The measurements and indices of a series of Phrixgnathus phrynia Hutton from Halfmoon Bay are given below:—
|P. phrynia Hutton, Halfmoon Bay||62–73 (67)||40–46 (44)||19–23 (21)||12–14 (13)|
|P. phryna major, Lectotype||69||41||20||—|
|p. acanthinulops Suter, Type||68||48||19||13|
Phrixgnathus regularis Pfeiffer.
This species which is widely distributed in the North and South Islands, is represented in collections from Halfmoon Bay, Native Island and Codfish Island.
Phrixgnathus flemingi stewartensis n. subsp. Plate 7, Fig. 5.
A series of Phrixgnathus from Stewart Island prove to be subspecifically separable from the Snares Island P. flemingi Dell. In the original description of flemingi (Dell, 1950) the dimensions of the holotype as stated were incorrect. The correct measurements are given below. The Stewart Island form proves to be constantly higher in comparison with the diameter though the spire heights are much the same. For this reason the Stewart Island shell is separated as P. flemingi stewartensis. The Stewart Island form has a stronger colour pattern, though this is not a good diagnostic feature. The height differences are best shown in the accompanying table of measurements and indices. Holotype (M. 571 3) and many paratypes (M. 5714) in the Dominion Museum.
Localities. Sealer's Bay, Codfish Island, R. K. Dell. 7/11/48, (type locality); West cost of Codfish Island (very large specimens); top of Goat Island, Mason's Bay, O. Allan, —/3/50; Native Island, Paterson Inlet, J. H. Sorensen, 17/7/39 (O'Connor Collection); Tomihau Island, Paterson Inlet, J. H. Sorensen, 15/4/41. This species is also recorded from Solander Island later in this paper.
|P. flemingi Dell|
|P. flemingi stewartensis Dell|
|P. flemingi flemingi|
|Snares Islands||51–61 (56)||37–38 (37.5)||19 (19)|
|P. flemingi stewartensis|
|Goat Island (Type series)||60–68 (63)||36–44 (39)||15–21 (18)|
|West coast, Codfish||57–69 (63)||32–54 (44)||17–22 (19)|
|Sealer's Bay, Codfish||56–67 (63)||34–40 (38)||14–21 (17)|
Phrixgnathus rakiura n. sp. Plate 7, Fig. 1.
Shell small (up to 2.5 mm. major diameter), depressed-turbinate, umbilicus comparatively wide, thin, shining. Spire low (spire Index 31–47), suture impressed. Whorls 4 ½, including a protoconch of 1 ½ whorls. Protoconch comparatively large, last half whorl with very fine spirals which appear to consist of spiral rows of microscopic raised pustules. Post-nuclear sculpture consisting of fine growth lines with a few widely spaced irregular growth wrinkles. Whole surface covered with a microscopic reticulation. Umbilicus deep, comparatively wide (Umbilical Index 21–25). Aperture obliquely lunate, with thin outer lip.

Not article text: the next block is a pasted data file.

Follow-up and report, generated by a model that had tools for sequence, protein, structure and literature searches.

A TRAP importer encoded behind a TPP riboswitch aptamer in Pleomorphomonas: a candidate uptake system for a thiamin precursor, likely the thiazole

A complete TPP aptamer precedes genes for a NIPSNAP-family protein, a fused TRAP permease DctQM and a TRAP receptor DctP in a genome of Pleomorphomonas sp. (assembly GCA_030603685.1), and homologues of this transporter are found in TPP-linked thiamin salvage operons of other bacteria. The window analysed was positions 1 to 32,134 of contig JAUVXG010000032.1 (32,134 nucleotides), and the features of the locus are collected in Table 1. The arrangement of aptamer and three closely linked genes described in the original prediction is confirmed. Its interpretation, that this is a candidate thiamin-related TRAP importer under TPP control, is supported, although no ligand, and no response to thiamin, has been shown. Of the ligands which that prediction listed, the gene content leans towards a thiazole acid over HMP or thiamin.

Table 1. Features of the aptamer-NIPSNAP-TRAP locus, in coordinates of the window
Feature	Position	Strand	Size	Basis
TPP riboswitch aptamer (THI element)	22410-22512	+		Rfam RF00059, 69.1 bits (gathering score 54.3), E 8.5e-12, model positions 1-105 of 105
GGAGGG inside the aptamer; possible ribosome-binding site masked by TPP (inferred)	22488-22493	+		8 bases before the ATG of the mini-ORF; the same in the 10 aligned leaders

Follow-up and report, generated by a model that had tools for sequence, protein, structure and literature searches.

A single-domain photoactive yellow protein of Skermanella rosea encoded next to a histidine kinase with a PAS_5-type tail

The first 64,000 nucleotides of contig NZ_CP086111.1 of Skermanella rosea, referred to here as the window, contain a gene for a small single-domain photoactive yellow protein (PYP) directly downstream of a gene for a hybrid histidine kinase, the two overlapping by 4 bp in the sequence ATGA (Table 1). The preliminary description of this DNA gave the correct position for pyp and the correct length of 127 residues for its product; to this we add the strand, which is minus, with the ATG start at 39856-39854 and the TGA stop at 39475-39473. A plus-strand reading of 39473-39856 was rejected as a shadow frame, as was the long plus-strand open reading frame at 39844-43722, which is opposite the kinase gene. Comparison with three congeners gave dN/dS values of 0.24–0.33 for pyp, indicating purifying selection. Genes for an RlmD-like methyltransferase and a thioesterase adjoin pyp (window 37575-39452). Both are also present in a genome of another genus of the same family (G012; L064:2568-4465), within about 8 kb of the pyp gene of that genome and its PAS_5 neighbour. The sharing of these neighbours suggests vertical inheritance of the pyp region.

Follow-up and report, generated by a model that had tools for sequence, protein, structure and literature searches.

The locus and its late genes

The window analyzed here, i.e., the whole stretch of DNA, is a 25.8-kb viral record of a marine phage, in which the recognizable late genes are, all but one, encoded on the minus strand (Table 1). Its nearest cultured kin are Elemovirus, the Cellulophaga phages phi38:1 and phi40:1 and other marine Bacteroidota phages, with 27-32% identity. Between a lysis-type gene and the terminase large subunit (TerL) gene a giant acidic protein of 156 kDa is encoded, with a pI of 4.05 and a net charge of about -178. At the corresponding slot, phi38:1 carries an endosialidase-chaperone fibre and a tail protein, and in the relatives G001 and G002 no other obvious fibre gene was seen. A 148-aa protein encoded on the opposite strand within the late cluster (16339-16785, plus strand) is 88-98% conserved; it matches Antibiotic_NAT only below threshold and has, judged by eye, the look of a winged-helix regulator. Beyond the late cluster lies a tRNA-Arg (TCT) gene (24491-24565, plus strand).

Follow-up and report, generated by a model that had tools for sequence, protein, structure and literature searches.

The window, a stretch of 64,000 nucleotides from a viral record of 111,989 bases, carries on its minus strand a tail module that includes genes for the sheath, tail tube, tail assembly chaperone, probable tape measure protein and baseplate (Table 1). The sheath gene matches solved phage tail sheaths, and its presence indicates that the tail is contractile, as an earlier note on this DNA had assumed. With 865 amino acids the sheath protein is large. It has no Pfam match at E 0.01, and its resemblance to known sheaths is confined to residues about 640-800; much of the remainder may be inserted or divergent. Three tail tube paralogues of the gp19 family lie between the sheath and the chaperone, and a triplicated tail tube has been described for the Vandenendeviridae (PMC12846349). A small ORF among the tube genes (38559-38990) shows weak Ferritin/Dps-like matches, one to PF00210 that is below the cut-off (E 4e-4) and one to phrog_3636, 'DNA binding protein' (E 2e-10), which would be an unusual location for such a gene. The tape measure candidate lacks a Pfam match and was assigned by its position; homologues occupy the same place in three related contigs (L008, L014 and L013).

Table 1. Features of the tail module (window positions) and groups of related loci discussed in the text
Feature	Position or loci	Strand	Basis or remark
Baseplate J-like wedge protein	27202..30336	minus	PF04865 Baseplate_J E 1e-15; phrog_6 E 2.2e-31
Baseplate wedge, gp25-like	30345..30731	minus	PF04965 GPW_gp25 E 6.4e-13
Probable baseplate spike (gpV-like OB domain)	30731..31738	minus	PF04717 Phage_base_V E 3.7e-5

Holotype (M. 5707) and numerous paratypes (M. 5708) in Dominion Museum collection.
Major diameter. 2.27 mm.; height. 1.23 mm.; diameter of umbilicus, 0.64 mm.; height of spire. 0.45 mm. (holotype).
Localities Native Island, Paterson Inlet, under scrub (type locality), also subfossil; many localities around Halfmoon Bay and Paterson Inlet; Codfish Island, living and subfossil.
This small, featureless shell appears to belong to a group of shells with a specifically southern distribution. They have much the facies of a Paralaoma in the depressed-turbinate outline, the comparatively wide umbilicus and the type of protoconch but are consistently larger and lack the well marked axial sculpture. Anatomical examination may show their true relationship. and they may well be related to such mainland forms as P. viridula. Other members of the group are P. hamiltoni Suter from Macquarie Island, a form allied to rakiura from Solander Isand (described later in this paper) and apparently P. campbellica (Filhol) from Campbell Island. This latter species has never been figured, and the original description was somewhat inadequate. The only form known from Campbell Island referable to this species is figured here (Fig. 3) for comparison with rakiura. and the basic measurements and indices are given below. It differs from rakiura in the much finer growth lines, smoother shell, more definite growth wrinkles, a much lower spire and a narrower umbilicus. It agrees in general outline and appearance and the microscopic reticulation, and is undoubtedly closely allied. The group may well be separated eventually from Phrixgnathus.